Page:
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photo collage of van den Berg Hall, the clock tower, Dean Hadi Salavitabar, and undergraduate student Jumpei Onozuka

Reaction Paper

Reaction Paper Description

In a reaction paper, the author discusses and responds to an article or articles s/he has read. The reaction paper requires you to understand the article(s), summarize its main points, show the relationship among the different readings (if it involves more than one article) and express your opinion. The opinion you express must be well-reasoned and based on a fair and accurate assessment of the articles. Your opinion should carefully weigh the arguments in the reading(s), evaluate the evidence and raise questions. The key to the reaction paper is the statement of your opinion or evaluation of the reading. Simply summarizing the reading is not sufficient, and would not meet the criteria for a reaction paper.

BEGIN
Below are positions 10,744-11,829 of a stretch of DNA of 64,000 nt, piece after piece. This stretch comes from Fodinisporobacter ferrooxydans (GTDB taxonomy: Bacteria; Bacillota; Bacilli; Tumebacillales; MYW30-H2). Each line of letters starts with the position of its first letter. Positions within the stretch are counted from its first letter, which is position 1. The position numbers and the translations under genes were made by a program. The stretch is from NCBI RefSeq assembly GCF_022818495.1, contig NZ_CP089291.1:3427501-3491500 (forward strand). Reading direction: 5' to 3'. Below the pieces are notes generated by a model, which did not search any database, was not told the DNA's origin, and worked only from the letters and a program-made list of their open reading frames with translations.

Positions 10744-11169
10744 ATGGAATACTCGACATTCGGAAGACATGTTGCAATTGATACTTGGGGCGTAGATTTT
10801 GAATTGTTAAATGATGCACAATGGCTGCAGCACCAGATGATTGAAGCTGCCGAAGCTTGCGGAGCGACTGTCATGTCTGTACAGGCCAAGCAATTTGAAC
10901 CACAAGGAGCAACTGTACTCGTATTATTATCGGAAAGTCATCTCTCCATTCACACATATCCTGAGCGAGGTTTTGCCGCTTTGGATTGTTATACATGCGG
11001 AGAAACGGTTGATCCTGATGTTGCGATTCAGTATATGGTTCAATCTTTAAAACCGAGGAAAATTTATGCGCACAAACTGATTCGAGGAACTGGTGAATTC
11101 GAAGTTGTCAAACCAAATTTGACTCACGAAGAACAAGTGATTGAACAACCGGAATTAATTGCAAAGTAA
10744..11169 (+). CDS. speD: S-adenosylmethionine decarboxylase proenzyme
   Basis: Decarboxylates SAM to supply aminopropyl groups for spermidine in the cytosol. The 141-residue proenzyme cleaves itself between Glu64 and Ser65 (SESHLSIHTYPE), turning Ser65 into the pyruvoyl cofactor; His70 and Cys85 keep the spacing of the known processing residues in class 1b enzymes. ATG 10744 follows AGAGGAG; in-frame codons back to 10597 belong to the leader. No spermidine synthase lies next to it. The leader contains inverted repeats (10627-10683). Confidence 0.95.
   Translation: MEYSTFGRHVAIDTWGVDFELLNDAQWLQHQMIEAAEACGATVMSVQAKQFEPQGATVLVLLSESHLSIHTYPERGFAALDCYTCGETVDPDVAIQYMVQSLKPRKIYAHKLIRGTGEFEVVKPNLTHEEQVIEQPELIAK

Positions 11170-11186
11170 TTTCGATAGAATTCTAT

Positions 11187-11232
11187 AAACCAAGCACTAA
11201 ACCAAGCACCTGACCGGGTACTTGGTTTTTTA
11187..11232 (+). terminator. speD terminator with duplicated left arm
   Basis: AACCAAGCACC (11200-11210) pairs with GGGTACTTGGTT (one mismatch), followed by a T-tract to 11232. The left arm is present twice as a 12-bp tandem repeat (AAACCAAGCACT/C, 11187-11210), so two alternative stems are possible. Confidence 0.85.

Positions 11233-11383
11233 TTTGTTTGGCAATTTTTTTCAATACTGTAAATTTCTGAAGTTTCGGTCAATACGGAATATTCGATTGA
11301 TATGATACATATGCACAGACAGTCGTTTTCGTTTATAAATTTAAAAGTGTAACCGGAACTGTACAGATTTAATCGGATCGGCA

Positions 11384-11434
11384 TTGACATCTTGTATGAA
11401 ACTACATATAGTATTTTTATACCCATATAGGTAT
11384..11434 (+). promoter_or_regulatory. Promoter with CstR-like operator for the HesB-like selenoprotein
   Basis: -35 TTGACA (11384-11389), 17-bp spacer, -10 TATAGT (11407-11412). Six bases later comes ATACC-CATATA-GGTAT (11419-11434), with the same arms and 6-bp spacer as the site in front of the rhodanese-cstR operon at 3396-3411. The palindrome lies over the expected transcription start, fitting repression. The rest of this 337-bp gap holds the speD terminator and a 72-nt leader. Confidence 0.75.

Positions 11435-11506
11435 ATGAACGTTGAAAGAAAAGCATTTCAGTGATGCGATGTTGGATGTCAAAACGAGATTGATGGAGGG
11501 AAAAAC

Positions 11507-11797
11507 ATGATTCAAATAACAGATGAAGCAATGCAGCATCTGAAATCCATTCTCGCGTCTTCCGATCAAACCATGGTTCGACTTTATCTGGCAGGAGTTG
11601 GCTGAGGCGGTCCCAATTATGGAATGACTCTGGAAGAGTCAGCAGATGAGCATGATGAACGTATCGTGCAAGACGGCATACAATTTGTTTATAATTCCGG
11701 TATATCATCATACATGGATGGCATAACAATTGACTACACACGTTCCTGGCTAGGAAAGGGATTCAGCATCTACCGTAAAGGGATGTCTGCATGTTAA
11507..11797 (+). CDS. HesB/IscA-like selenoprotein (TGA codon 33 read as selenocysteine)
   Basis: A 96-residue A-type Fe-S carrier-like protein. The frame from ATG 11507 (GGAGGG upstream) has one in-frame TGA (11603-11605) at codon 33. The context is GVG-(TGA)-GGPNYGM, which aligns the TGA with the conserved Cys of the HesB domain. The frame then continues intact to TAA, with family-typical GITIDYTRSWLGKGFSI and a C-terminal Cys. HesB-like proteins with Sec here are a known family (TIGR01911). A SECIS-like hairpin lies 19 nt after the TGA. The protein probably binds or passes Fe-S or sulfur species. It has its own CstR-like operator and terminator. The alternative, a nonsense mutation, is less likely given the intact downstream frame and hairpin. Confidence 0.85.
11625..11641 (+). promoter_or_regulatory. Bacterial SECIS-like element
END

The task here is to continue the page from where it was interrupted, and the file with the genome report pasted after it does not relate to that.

Reaction Paper Outline

I. Introduction

a. Introduce the reading(s)

b. Introduce the main theme that you will be addressing in the paper

II. Information Summary

a. In a few paragraphs, summarize the information presented in the article(s). If there is more than one article, you may choose to summarize them together by selecting common themes, or you may summarize them separately.

b. Use direct quotes sparingly, and only if they convey something that cannot be paraphrased effectively.

III. Critique

a. Organize your opinion, critique or evaluation of the readings by theme. Each paragraph should address a specific issue. Remember that a critique does not necessarily mean you are saying the article is bad—you are providing an evaluation of the author(s)’ points.

IV. Reaction

a. The final section of the paper is your overall reaction to the reading(s). Was the reading a good choice? Was it informative to you? What did you learn or how did the reading affect you?

V. Conclusion

a. Provide a concluding paragraph that wraps up your main points. It should parallel your introduction and provide closure for the reader.

 

Reaction Paper Rubric